Around 40 questioned over “pro-NK” Internet postings
Authorities in South Korea are questioning around 40 people over Internet postings said to be in support of North Korea, according to several local news reports.
(Update: The Dong-a-Ilbo reports around 70 are under criminal probe on suspicion of circulating materials praising North Korea online in violation of the National Security Law.)
The material was posted on personal websites and the now defunct “Cyber Command for National Defense” website, according to Yonhap. The site, which was shutdown late last year, had about 6,500 members of whom about 600 were judged to be at its core, according to previous estimates.
Last week police confiscated the server on which the website ran.
Among the 40 currently under investigation are a first lieutenant from the Korean Air Force, several government employees, a lawyer, a private tutor and a pilot for Korean Air, South Korean media said.
The pilot, who has been identified by his family name “Kim,” was responsible for posting “about 60 articles or video clips that sympathize with the communist regime on his website,” Yonhap said quoting South Korean police. A search of his home revealed “around 10 North Korean books and his computer, which had pro-North materials on it, said Yonhap.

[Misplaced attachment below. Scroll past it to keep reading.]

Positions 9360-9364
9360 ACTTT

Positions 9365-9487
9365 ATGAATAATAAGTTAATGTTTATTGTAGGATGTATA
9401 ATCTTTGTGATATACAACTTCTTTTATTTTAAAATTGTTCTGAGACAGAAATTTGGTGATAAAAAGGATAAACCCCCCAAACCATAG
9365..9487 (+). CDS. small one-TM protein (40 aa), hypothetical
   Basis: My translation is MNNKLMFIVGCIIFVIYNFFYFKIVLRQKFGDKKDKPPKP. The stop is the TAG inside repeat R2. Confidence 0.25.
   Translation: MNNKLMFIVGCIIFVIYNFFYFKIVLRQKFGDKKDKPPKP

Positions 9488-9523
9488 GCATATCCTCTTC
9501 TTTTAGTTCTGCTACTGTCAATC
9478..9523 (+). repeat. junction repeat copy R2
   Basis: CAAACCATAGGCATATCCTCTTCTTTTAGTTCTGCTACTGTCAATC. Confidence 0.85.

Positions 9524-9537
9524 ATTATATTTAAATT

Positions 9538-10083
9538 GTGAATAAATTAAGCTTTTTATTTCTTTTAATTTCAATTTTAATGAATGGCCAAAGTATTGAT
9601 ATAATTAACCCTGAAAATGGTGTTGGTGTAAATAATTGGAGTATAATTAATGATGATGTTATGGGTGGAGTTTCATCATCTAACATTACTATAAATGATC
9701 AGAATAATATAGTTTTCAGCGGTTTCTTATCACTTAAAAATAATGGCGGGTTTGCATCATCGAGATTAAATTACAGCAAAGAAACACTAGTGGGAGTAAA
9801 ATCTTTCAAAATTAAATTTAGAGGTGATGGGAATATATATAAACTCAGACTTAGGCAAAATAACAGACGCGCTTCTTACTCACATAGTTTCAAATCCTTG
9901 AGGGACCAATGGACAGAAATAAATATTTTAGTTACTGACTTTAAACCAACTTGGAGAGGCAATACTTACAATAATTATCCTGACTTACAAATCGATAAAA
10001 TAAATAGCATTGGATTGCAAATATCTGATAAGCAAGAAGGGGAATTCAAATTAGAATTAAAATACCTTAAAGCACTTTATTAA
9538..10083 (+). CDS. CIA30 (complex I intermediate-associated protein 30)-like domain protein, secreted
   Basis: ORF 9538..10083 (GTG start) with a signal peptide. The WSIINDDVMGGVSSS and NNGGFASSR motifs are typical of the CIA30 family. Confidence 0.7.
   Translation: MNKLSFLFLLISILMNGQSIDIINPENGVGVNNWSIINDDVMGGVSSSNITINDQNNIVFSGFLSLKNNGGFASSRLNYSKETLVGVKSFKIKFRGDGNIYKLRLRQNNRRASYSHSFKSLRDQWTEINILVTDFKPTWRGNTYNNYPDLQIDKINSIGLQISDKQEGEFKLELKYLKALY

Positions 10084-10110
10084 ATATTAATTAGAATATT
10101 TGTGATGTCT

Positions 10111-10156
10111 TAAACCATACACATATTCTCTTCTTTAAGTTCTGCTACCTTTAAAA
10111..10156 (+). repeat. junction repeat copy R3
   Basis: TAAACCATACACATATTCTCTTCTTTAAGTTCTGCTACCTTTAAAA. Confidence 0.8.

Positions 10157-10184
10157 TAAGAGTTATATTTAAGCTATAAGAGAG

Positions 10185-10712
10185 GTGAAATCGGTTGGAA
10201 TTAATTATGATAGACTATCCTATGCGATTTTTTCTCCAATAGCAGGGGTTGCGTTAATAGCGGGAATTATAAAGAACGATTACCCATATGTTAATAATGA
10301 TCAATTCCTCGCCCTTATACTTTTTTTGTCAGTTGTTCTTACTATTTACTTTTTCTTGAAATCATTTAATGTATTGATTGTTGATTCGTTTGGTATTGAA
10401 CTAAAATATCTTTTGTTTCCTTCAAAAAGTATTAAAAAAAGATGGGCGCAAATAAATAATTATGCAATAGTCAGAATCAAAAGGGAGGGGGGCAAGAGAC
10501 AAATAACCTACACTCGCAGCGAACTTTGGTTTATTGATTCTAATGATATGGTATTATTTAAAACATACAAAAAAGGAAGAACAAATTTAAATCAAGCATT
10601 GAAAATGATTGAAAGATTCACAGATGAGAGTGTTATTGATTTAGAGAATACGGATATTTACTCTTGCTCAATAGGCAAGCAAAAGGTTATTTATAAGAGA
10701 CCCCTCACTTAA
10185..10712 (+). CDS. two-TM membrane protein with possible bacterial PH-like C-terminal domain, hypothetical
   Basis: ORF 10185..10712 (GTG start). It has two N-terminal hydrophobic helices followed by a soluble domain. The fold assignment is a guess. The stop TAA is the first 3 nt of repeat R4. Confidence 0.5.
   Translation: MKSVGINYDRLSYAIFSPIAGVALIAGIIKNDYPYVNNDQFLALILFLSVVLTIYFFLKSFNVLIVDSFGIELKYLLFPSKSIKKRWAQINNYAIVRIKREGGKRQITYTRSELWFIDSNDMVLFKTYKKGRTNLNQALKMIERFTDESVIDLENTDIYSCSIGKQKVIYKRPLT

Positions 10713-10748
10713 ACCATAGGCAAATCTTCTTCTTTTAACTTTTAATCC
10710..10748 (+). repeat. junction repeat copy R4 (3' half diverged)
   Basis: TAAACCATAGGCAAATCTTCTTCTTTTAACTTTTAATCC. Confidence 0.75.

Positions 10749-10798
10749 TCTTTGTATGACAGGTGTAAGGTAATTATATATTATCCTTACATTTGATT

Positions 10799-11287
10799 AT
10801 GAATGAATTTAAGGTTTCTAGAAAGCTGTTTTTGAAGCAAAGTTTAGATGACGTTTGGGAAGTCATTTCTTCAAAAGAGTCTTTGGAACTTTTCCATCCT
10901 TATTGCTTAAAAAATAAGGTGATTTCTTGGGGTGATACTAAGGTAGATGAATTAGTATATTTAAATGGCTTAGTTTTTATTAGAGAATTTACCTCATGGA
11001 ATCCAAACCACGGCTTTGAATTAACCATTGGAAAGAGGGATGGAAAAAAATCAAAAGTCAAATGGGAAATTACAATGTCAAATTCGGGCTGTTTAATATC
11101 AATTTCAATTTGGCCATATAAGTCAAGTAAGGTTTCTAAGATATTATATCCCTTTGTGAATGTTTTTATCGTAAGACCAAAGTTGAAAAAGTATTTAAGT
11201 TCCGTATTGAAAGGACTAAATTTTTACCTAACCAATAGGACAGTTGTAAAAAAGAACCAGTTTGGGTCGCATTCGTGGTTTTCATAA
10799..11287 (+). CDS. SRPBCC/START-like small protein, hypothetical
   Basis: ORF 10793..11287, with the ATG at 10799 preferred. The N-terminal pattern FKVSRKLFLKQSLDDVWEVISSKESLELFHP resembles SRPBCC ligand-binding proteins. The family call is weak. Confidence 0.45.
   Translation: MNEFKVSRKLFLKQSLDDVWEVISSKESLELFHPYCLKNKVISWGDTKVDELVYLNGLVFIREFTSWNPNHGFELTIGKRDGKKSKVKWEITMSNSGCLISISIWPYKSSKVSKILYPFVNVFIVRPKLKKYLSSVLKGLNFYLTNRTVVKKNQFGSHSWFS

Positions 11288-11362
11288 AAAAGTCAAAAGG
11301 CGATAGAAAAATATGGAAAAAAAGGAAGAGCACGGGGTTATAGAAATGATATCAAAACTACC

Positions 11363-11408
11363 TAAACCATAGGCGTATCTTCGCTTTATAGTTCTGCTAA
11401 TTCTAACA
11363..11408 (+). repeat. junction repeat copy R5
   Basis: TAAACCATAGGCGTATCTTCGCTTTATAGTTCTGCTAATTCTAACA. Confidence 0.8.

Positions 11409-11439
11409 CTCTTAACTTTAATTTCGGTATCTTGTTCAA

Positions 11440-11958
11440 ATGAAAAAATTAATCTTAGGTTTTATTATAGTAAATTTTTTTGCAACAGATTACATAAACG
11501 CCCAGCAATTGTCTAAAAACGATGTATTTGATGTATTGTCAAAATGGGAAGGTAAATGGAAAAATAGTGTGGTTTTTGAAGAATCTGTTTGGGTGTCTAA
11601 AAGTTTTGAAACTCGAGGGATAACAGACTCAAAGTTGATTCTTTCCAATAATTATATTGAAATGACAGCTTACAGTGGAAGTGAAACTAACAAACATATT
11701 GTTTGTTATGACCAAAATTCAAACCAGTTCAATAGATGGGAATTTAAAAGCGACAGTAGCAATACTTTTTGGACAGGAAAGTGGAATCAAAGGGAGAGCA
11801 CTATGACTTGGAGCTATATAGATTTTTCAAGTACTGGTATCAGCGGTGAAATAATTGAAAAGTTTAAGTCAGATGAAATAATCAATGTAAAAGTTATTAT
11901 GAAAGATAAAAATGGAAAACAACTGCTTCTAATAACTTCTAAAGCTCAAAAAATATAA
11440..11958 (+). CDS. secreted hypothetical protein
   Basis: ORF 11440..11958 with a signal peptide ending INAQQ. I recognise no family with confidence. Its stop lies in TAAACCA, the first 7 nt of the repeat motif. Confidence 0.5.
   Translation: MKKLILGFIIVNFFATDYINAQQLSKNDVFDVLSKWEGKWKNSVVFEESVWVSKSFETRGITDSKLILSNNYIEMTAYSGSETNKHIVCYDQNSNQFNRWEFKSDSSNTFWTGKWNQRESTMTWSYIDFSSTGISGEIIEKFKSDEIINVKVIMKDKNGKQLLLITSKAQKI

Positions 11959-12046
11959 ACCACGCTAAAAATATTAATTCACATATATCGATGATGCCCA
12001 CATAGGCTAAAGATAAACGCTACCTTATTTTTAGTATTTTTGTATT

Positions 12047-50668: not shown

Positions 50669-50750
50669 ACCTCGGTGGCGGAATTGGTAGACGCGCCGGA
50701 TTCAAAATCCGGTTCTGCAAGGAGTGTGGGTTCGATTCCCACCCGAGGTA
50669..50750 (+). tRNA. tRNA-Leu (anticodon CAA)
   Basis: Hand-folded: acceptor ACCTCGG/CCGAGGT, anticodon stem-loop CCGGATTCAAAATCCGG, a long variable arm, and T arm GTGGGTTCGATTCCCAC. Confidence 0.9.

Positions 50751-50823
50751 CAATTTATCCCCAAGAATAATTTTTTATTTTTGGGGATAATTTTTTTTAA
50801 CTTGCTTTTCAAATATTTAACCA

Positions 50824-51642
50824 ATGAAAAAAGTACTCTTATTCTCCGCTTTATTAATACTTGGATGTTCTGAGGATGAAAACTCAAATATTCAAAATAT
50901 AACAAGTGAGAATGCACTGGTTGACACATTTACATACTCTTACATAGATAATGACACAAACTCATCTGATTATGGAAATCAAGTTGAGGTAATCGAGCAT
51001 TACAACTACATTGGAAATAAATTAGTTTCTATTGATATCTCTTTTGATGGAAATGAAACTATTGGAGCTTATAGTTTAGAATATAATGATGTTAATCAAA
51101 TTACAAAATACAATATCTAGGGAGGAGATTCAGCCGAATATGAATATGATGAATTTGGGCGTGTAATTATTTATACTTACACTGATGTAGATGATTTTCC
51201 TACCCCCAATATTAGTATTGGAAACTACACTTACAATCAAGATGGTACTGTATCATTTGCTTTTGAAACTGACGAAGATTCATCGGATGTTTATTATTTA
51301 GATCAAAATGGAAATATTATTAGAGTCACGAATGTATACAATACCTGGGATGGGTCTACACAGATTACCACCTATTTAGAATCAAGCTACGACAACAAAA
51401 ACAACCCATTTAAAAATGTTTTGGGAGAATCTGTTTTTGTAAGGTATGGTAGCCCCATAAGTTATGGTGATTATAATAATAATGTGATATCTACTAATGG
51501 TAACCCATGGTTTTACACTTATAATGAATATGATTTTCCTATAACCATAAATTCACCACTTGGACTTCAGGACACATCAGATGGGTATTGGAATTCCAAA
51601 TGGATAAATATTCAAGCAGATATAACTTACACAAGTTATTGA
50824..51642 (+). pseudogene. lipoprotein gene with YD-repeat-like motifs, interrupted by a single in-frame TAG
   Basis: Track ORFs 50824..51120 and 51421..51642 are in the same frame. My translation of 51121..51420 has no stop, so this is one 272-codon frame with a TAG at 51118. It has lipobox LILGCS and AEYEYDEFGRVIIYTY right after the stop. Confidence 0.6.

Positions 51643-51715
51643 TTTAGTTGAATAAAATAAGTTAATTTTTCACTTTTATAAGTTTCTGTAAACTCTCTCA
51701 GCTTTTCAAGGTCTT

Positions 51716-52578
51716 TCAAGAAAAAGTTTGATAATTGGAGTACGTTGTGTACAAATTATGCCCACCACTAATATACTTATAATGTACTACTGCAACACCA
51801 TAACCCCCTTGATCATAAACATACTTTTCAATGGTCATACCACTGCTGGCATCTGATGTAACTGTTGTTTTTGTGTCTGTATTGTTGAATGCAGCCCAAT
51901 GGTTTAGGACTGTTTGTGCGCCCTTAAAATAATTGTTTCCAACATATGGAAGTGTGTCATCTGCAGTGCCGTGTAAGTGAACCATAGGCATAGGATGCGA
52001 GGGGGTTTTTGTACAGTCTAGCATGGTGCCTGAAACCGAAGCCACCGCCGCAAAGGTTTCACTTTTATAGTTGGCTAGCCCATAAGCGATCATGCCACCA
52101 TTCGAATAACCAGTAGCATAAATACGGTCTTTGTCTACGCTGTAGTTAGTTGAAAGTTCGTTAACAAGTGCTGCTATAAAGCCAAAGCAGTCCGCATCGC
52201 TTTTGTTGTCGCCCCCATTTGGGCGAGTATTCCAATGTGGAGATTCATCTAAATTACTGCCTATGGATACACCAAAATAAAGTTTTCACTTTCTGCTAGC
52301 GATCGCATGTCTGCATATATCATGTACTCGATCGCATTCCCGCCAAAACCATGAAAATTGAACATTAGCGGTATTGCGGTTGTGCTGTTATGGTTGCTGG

He has been barred from flying by Korean Air “on fear that he would fly northward to defect to the communist country,” said the report.
Posting materials judged to be in support of North Korea could result in a prosecution under South Korea’s National Security Law.
Last week’s raid on the computer server coincided with a pledge by prosecutors to crackdown on Internet material judged to be in support of North Korea. However, the definition of such material is vague.
The Internet has led to much more DPRK-related information being available to the average South Korea and the government appears worried that some of the north’s state propaganda might influence its citizens.
Some worry the actions are an attempt by the current South Korean government to stifle dissent and debate on the North Korean issue and that they endanger freedom of speech.
|Print article||This entry was posted by Martyn Williams on October 20, 2011 at 06:51, and is filed under Censorship, Internet. Follow any responses to this post through RSS 2.0. You can leave a response or trackback from your own site.|
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